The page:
While interoperability continues to pose serious challenges for enterprises leveraging blockchain networks, companies may be one step closer to breaking down these barriers.
An open-source project initiated by Fortune 500 company Accenture and Fujitsu joined Hyperledger’s Greenhouse on May 13, 2020. The project, formerly known as the “Blockchain Integration Framework,” spent six months in development in the Hyperledger Lab before joining the Hyperledger Greenhouse as the 16th technology code base. Upon joining the Greenhouse, the project was renamed “Hyperledger Cactus” and now sits alongside notable projects including Hyperledger Fabric and Hyperledger Sawtooth.
The director of blockchain technology at Accenture, Michael Klein, told Cointelegraph that Hyperledger Cactus is an open-source software development kit designed to connect distributed ledger technologies through a plugin:
“Hyperledger Cactus serves as an option for enterprises wanting to connect any DLT to other DLTs through a plugin. Cactus can be used on any permissioned DLT network where you have known identities or validators in an interoperability framework.”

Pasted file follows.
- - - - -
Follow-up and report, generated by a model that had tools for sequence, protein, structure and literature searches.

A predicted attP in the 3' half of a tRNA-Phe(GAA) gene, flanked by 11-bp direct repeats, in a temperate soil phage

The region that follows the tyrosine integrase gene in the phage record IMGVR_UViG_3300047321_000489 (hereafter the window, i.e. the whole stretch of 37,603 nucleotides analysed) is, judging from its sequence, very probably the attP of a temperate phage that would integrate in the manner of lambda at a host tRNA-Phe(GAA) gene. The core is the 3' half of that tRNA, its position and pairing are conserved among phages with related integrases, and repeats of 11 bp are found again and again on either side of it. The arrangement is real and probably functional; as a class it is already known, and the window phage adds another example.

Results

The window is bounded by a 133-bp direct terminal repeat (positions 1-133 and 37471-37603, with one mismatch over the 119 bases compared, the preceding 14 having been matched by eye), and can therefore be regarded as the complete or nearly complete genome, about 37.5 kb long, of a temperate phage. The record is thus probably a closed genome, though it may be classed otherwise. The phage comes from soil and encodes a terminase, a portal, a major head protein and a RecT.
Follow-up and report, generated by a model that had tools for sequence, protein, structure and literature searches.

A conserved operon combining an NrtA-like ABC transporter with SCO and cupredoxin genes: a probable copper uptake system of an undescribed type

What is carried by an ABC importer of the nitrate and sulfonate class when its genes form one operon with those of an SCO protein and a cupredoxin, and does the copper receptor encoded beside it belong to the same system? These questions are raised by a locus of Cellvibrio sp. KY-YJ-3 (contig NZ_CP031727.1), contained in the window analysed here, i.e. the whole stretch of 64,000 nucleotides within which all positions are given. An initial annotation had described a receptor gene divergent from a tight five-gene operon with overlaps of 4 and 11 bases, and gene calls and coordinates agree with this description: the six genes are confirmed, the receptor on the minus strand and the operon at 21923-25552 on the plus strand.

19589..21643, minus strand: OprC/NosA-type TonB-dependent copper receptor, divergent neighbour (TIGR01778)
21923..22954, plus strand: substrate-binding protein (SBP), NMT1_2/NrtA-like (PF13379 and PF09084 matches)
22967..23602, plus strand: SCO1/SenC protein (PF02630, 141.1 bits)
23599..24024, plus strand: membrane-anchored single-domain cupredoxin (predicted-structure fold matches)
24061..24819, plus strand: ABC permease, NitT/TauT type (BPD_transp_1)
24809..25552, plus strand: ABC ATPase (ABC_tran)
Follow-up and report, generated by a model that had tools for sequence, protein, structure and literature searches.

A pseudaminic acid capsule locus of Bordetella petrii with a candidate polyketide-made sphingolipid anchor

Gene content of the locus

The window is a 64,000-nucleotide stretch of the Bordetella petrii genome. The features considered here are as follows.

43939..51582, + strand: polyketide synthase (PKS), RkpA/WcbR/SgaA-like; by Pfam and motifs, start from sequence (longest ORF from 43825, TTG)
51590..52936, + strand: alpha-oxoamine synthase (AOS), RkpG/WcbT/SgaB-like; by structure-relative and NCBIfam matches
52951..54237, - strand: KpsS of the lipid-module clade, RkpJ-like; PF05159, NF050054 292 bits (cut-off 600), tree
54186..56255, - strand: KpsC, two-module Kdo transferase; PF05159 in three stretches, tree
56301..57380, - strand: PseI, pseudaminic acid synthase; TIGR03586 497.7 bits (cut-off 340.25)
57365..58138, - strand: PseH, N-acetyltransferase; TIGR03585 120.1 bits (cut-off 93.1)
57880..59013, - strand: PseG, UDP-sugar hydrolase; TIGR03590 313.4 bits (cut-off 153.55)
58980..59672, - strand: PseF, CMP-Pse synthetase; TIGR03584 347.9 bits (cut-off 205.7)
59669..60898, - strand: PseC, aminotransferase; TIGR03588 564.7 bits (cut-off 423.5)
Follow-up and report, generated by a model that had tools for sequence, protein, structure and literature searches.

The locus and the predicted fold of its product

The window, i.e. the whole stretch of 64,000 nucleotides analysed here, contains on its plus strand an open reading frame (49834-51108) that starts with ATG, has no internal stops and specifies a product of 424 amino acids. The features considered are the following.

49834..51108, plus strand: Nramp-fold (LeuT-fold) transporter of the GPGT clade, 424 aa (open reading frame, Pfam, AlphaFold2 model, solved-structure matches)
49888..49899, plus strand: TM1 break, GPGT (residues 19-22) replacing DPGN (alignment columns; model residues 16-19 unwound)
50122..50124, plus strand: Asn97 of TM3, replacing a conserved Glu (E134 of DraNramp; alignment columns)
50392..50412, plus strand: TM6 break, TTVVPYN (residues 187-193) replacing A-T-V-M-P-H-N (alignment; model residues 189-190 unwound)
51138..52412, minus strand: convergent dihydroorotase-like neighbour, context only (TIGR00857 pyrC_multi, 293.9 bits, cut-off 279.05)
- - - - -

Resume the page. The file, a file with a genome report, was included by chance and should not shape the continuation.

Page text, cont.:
Klein noted that Hyperledger Cactus can be executed on Hyperledger Besu, which runs on the public Ethereum blockchain, along with Hyperledger Fabric, R3’s Corda and Quorum (Ethereum-based).
Why is interoperability important?
The executive director of Hyperledger, Brian Behlendorf, told Cointelegraph that there are two layers of interoperability. He explained that the first relates to interoperability within a given blockchain network, noting that everyone on the IBM Food Trust Network, or the Trust Your Supplier network, or other similar networks powered by Hyperledger Fabric, can exchange information efficiently and correctly:
“This is where ensuring everyone is using the same software (e.g., Hyperledger Fabric, or Hyperledger Besu) is the most important piece, as well as setting up a governance structure for the participants on…